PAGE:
The readings for this week explored the complexity of the ‘base and the superstructure’ as proposed by Marx, mainly focusing on the material and positivistic aspects of these two proposition. I often wonder if Marx actually had such a reductionistic view of these two proposition, or if the Marxists which followed him, in an effort to understand or apply his theories, fell in a reductionist approach. This week, Williams and Hall explore the complexity of culture within the framework of these two aspects.
Stuart Hall proposes two paradigms, which I’m assuming are “culturalism” or “structuralism” in an effort to decipher the what he calls the ‘breaks’ to the critical analysis of understanding tradition or history. Hall further provided an overview of the emergency of the field of Cultural Studies from the three main texts responsible for giving birth to this field. Hall proposes two ways of conceptualizing culture which enable us to conceptualize its complexity. He proposes that “Culture is not a practid3; nor is it simply the descriptive sum of the ‘mores and folkways’ of societies. It is threaded through all social practices, and is the sum of their inter-relationship.” (p.96) Hall further explores the connection of the base and superstructure as a part of the vulgar materialism and economic determinism in Marx. To resolve this issue he further offers the analysis of the ‘whole ways of life’ and the issue of ‘determination’ to the study of culture within a Cultural Studies framework. Furthermore, Hall cites Levi-Strauss theory of structuralism to highlight the ideological aspect of culture, also with Althusser’s work to minimize or straight out avoid a reductionistic perspective. I was not very clear however, on Foucault’s concept of ‘concrete analysis’ to this structuralist concept. It also seemed unclear what he was referring towards the end of this article when he discusses the required of field of study?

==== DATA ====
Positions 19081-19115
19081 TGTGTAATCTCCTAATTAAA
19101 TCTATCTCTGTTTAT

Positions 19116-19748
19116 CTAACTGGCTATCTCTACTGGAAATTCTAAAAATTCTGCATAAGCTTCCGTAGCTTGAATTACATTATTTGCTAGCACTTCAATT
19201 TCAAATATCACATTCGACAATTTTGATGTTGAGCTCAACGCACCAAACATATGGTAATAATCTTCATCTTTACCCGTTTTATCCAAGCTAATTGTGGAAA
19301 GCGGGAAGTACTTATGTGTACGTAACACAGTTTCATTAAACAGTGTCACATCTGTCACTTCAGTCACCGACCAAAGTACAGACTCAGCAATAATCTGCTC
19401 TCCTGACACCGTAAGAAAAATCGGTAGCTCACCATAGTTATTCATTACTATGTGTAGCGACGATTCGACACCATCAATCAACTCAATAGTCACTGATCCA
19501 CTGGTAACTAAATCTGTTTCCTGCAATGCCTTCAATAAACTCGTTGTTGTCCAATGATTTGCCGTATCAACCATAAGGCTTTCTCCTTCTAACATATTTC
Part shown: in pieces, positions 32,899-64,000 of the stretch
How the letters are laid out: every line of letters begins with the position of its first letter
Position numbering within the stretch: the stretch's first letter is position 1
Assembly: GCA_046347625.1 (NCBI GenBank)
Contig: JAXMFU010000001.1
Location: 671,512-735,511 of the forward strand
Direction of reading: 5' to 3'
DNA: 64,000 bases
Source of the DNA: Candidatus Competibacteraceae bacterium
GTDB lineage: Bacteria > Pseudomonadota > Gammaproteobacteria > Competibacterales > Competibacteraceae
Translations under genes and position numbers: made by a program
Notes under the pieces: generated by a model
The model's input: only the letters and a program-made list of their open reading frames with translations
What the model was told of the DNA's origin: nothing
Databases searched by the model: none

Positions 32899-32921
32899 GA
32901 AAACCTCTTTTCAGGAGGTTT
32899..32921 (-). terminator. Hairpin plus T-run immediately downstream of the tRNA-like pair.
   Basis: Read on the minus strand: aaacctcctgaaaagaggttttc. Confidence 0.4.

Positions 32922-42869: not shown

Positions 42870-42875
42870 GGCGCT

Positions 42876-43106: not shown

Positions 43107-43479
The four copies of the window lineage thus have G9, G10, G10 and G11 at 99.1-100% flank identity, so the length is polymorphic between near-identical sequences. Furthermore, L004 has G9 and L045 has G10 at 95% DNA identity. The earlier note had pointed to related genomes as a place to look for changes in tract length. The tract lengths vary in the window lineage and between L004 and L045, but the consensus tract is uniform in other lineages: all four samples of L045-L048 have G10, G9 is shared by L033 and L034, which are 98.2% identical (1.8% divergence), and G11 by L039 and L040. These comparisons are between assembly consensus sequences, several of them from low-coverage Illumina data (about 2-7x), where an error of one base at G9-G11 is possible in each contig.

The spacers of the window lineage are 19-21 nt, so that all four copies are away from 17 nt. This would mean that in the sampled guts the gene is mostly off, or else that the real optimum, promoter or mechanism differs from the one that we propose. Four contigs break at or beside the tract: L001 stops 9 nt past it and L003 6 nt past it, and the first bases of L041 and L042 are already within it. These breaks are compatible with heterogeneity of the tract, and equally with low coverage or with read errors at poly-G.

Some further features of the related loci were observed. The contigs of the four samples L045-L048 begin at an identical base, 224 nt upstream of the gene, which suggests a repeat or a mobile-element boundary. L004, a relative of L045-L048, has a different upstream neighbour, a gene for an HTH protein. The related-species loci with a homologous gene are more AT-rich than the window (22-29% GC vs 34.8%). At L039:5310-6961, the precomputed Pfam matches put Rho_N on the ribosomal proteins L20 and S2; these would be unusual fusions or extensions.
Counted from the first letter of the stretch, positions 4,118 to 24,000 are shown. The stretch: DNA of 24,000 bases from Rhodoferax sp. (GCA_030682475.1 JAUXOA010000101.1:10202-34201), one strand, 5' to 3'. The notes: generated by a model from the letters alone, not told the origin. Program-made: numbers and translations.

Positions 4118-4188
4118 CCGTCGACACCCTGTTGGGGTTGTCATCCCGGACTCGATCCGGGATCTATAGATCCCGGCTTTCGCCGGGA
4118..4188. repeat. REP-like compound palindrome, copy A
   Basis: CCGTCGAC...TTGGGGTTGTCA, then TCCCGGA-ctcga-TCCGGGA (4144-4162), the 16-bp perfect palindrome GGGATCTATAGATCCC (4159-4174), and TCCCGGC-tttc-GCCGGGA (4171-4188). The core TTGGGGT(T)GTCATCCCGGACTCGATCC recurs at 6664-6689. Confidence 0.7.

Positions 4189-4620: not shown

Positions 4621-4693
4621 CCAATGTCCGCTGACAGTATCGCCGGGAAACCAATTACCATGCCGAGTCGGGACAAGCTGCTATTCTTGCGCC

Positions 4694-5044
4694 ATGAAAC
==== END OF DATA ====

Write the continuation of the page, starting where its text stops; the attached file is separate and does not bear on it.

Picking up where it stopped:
Raymond Williams essays follow a more logical analysis of the ‘base and superstructure’ as well as all the other aspects related to these. I thought his explanation of ‘determination’ was very clear, on the one hand, it sets limits, and the other exerts or pressures, depending on the context used. I really liked the fluidity of each chapter which continued to explain the topics from the ones before. I thought his analysis of hegemony was very thorough and clear as well. What seemed unclear to me was the study of ‘structure of feeling’ and ‘the sociology of culture’ as both seemed to be dealing more with ideology and to be difficult to quantify. Williams in his essay titled “Base and Superstructure in Marxist Cultural Theory” explains the complexity of the base and provides great examples of base and superstructure in his piano analogy. Overall, though I think I understand these two aspects, there are some questions I would like to clarify in class.